On this day in 1954, George Allen and Unwin, London publishers, published The Fellowship of the Ring, Volume One of The Lord of the Rings, by JRR Tolkien.
Movies and Television:
Syfy announces plans to serialize Dan Simmons’s work Hyperion. (The Shrike! The Shrike!) The plans so far only include the first of the four books, but since that one ends on a cliffhanger, it seems likely they will want to continue production if the audience response is good. Simmons’s book, which echoes back to Canterbury Tales and John Keats’s poetry, is an ambitious undertaking. Some good people are attached to the project, though, like Bradley Cooper.
On Game of Thrones, Jon Snow is dead, dead, dead, his life’s blood oozing away into the snow… right? Or, maybe not so much. Or maybe, fans just can’t let the guy go. Or maybe somewhere, George RR Marin is cackling in unholy glee. This article explains why it’s obvious Jon Snow isn’t dead… or could still be alive, or be alive again. They have evidence!
The Fantastic Four isn’t even released yet, and already Brian Singer, of X-Men fame, is discussing a crossover project. I didn’t like either of the last two Fantastic Four movies, and I was prepared to dislike this one because it looked like it put special effects ahead of the family relationship but this trailer made me rethink that.
Syfy’s People’s Choice Award Winning reality show, Face Off, premiered Season 9 on Tuesday. Here’s a nostalgia hit; the judges share their 20 “top looks” from the long-running contest show.
The shortlist for the 2015 British Fantasy Awards has been announced. The candidates for best novel include Robert Jackson Bennett for City of Stairs; Edward Cox for The Relic Guild; K.T. Davies for Breed; Frances Hardinge for Cuckoo Song; Lavie Tidhar for A Man Lies Dreaming; Neil Williamson for The Moon King.
Best horror novel nominees are Emily St John Mandel for Station Eleven, which doesn’t seem like horror to me; Alison Littlewood for The Unquiet House; Rich Hawkins for The Last Plague; Gary McMahon for The End; M. R. Carey for The Girl With All The Gifts; Adam Neville for No One Gets Out Alive.
On Thursday, July 23, NASA announced that the Kepler telescope identified a planet that might be “Earth’s bigger, older cousin.” The exoplanet is the closest to earth-like that’s been identified. Won’t the locals be surprised in three hundred years (or whenever) when our generation ship shows up?
Books and Writing:
I can’t imagine anything much more awesome than discussing craft with Ursula K LeGuin, can you? Well, now we can do that. LeGuin is offering help “navigating the ocean of story” via Book View Cafe. Readers can submit a question to LeGuin who will address it in an upcoming post. Here is her first question; it’s a doozy.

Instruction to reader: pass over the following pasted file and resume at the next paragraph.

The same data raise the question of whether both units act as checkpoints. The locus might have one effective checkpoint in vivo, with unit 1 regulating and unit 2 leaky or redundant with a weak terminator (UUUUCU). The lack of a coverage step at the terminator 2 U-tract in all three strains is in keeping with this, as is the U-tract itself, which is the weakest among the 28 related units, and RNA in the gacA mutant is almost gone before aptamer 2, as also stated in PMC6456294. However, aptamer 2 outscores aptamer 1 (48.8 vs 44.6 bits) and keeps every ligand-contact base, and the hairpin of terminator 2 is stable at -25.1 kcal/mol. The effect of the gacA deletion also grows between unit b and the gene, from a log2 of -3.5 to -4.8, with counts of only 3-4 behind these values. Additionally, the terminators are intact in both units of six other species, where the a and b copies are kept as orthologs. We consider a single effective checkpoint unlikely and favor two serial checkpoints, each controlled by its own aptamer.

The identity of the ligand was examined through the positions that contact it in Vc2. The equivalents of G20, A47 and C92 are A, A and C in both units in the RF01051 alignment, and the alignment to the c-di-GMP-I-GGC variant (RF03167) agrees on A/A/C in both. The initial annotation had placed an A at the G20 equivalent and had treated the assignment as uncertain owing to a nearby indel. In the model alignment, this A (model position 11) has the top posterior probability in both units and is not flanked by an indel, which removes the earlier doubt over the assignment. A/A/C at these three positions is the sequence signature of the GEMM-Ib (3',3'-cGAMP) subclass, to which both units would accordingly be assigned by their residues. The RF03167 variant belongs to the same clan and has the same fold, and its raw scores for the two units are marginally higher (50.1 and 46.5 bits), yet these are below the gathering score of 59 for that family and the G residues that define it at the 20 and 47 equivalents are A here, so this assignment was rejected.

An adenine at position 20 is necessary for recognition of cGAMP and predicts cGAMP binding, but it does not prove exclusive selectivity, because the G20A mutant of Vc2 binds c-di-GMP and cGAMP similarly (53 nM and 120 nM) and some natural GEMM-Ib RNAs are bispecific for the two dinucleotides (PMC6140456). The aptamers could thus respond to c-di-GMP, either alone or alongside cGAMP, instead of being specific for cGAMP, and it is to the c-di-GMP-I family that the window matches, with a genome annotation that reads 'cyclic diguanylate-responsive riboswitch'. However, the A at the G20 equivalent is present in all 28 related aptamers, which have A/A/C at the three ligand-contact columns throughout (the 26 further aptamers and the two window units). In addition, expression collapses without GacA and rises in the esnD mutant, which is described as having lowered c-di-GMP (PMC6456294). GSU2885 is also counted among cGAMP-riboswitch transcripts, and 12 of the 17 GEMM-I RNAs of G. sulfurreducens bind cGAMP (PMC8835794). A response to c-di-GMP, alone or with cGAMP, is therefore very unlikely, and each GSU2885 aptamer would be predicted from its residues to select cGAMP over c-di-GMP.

Speaking of LeGuin, Portland Monthly Magazine profiled her. Here is that charming and thoughtful article.
There have been some big losses in the writing world recently. Last week, E.L. Doctorow passed away. The UK Guardian remembers him, here. On July 27, noted true crime writer Ann Rule died at the age of 83. Rule’s first book was a profile of Ted Bundy. Rule worked the same shift with Bundy at a suicide prevention hotline.
SF Signal has the first of a multi-part interview with Samuel R. Delaney posted this week.
Over at Suvudu, they offer us five fantasy series that are nearly complete, at least close enough that you could start reading them now and not end up stranded. SF Signal offers a synopsis of the fourth Miriam Black novel by Chuck Wendig, Thunderbird.
The UK Guardian also offers a nice interview with Stephen Baxter, who discusses what it was like to collaborate with Sir Terry Pratchett.
One more story from The Guardian, about a Dr. Seuss manuscript; What Pet Should I Get? It sounds… well, it doesn’t really sound fun.
Dr. Stephen Hawking is doing an AMA on Reddit. To accommodate Hawking, the site is using a different technique for its AMA. The concentration of the AMA is artificial intelligence. You can see the questions, and check back for Hawking’s responses, here.
Here’s an interesting article on gender, language, and the Turing test.
Our featured artist is Andy Kehoe. Andy studied at the Parson’s School of Design, but feels that having learned craft, he truly learned to make art after he left school. “The best way to learn how to paint, and to learn what style of painting suits you, is to just make a lot of paintings and learn from the successes, failures, and serendipitous discoveries of that work.” His work is influenced by fantasy, skateboarding, science fiction and comics, as well as countless artists he has worked with, or whose work he has seen over the years. He enjoys fantasy by writers like Joe Ambercrombie, Brandon Sanderson and Scott Lynch. You can see his work on his website, at his Etsy site and also in the Jonathan LeVine Gallery in New York City, NY, and Thinkspace in Culver City, Ca. When you go to his site, do take a moment to read his artist statement. It will make you laugh.
Really excellent art this week, Marion. :)
I like the direction Syfy is going with their upcoming television series–focusing on literary adaptations rather than so-bad-they-aren’t-funny original movies or throwing a fresh coat of paint on popular British shows. They’ve got a great opportunity to make tv AND expose people to books, so why not take it?
And they’re actually investing real money in these series. I’m hopeful.
I love the art! Thanks for introducing us to this artist!
I think Kate deserves the hat tip for Andy’s work, she sent me the link. I love his stuff.